Eligibility related to a disadvantaged background is most applicable to high school and perhaps to undergraduate candidates, but would be more difficult to justify for individuals beyond that level of academic achievement.
Citizenship: By the time of award, the individual applicant must be a citizen or a non-citizen national of the United States or have been lawfully admitted for permanent residence (i.e., possess a currently valid Permanent Resident Card USCIS Form I-551, or other legal verification of such status). Non-citizen nationals are generally persons born in outlying possessions of the United States (i.e., American Samoa and Swains Island). Individuals on temporary or student visas are not eligible. Individuals may apply for the Kirschstein-NRSA F31 in advance of admission to the United States as a Permanent Resident recognizing that no award will be made until legal verification of Permanent Resident status is provided.
Degree Requirements: A Fellowship Applicant must have a baccalaureate degree and be currently enrolled in a PhD or equivalent research degree program (e.g., EngD, DNSc, Dr PH, DSW, PharmD, PsyD, ScD), a formally combined MD/PhD program, or other combined professional/clinical doctoral/research PhD graduate program (e.g., DDS/PhD) in the biomedical, behavioral, or clinical sciences at an accredited domestic or foreign institution. With the exception of the combined degree programs described above, the Kirschstein-NRSA fellowship may not be used to support studies leading to the MD, DDS, or other clinical, health-professional training (e.g., DC, DMD, DNP, DO, DPM, DVM, ND, OD). Neither may these awards be used to support the clinical years of residency training.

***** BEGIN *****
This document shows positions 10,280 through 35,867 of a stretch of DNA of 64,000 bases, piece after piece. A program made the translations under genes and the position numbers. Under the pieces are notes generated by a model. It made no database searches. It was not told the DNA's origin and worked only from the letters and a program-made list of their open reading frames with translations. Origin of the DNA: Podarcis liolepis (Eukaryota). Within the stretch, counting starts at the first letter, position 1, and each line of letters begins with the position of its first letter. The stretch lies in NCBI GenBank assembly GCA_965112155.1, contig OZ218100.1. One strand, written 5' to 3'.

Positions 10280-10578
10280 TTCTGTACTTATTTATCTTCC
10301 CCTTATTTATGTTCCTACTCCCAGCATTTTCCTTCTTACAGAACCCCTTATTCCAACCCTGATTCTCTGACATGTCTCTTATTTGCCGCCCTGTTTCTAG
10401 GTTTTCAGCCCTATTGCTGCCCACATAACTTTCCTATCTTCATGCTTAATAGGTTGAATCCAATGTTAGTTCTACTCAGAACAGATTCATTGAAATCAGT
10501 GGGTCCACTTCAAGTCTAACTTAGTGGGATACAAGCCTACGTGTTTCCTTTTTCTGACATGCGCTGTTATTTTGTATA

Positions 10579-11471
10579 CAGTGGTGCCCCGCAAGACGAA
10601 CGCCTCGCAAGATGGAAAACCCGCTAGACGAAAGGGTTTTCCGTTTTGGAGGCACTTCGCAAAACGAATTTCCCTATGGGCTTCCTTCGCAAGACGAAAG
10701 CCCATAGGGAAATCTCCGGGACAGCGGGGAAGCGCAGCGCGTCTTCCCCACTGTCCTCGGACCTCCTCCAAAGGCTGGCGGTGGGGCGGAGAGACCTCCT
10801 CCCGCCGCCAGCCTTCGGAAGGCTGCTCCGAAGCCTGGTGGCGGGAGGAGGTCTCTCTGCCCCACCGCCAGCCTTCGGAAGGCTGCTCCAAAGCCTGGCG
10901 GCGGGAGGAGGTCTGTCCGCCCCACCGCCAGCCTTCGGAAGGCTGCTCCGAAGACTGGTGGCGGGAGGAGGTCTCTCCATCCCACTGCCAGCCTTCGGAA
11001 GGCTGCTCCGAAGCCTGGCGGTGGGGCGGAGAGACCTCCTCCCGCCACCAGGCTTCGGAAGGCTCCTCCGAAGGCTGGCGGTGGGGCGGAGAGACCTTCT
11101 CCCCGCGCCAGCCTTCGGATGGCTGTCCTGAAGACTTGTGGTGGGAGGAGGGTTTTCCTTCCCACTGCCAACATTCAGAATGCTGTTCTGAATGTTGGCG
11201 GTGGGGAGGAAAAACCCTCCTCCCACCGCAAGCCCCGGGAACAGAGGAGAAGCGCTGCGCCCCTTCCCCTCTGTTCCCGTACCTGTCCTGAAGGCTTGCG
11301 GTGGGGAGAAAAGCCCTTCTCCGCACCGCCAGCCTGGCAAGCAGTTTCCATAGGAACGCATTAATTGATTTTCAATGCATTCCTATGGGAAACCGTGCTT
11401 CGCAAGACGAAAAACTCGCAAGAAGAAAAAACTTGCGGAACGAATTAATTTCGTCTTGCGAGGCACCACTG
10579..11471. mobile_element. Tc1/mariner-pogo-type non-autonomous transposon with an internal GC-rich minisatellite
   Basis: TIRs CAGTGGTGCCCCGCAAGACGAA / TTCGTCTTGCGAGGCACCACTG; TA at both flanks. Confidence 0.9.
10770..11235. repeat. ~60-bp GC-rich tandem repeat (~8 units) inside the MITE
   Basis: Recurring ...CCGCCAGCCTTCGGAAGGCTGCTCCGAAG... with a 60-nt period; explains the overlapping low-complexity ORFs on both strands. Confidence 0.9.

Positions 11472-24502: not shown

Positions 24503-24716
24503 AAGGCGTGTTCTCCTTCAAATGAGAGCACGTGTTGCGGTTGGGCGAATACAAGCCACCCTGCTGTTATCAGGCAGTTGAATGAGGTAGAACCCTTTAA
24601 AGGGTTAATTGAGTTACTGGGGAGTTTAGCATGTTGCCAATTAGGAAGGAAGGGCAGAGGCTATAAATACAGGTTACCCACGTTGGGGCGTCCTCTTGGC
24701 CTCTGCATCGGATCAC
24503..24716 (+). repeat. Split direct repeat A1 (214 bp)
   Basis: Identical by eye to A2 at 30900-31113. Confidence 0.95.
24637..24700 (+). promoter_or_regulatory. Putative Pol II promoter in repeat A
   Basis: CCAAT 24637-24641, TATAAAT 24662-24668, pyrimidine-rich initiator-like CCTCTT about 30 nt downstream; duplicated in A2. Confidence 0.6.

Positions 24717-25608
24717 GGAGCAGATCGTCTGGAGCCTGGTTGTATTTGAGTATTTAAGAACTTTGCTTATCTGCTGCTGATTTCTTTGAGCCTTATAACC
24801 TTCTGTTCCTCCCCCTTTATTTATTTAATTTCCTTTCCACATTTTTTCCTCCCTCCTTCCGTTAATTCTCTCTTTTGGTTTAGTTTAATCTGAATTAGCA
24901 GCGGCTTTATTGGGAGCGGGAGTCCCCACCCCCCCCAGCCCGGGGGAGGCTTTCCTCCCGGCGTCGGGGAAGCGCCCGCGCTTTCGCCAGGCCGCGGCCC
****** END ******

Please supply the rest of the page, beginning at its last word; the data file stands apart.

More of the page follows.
2. Cost Sharing or Matching
This program does not require cost sharing as defined in the current NIH Grants Policy Statement.
3. Other-Special Eligibility Criteria
Number of Applications: An individual may not have two or more competing NIH fellowship applications pending review concurrently.
Resubmission(s): Applicants may submit a resubmission application, but such application must include an Introduction addressing the previous peer review critique (Summary Statement). Beginning with applications intended for the January 25, 2009 official submission due date, all original new applications (i.e., never submitted) and competing renewal applications will be permitted only a single amendment (A1). See new NIH policy on resubmission (amended) applications (NOT-OD-09-003, NOT-OD-09-016). Original new and competing renewal applications that were submitted prior to January 25, 2009 will be permitted two amendments (A1 and A2). For these grandfathered applications, NIH expects that any A2 will be submitted no later than January 7, 2011, and NIH will not accept A2 applications after that date.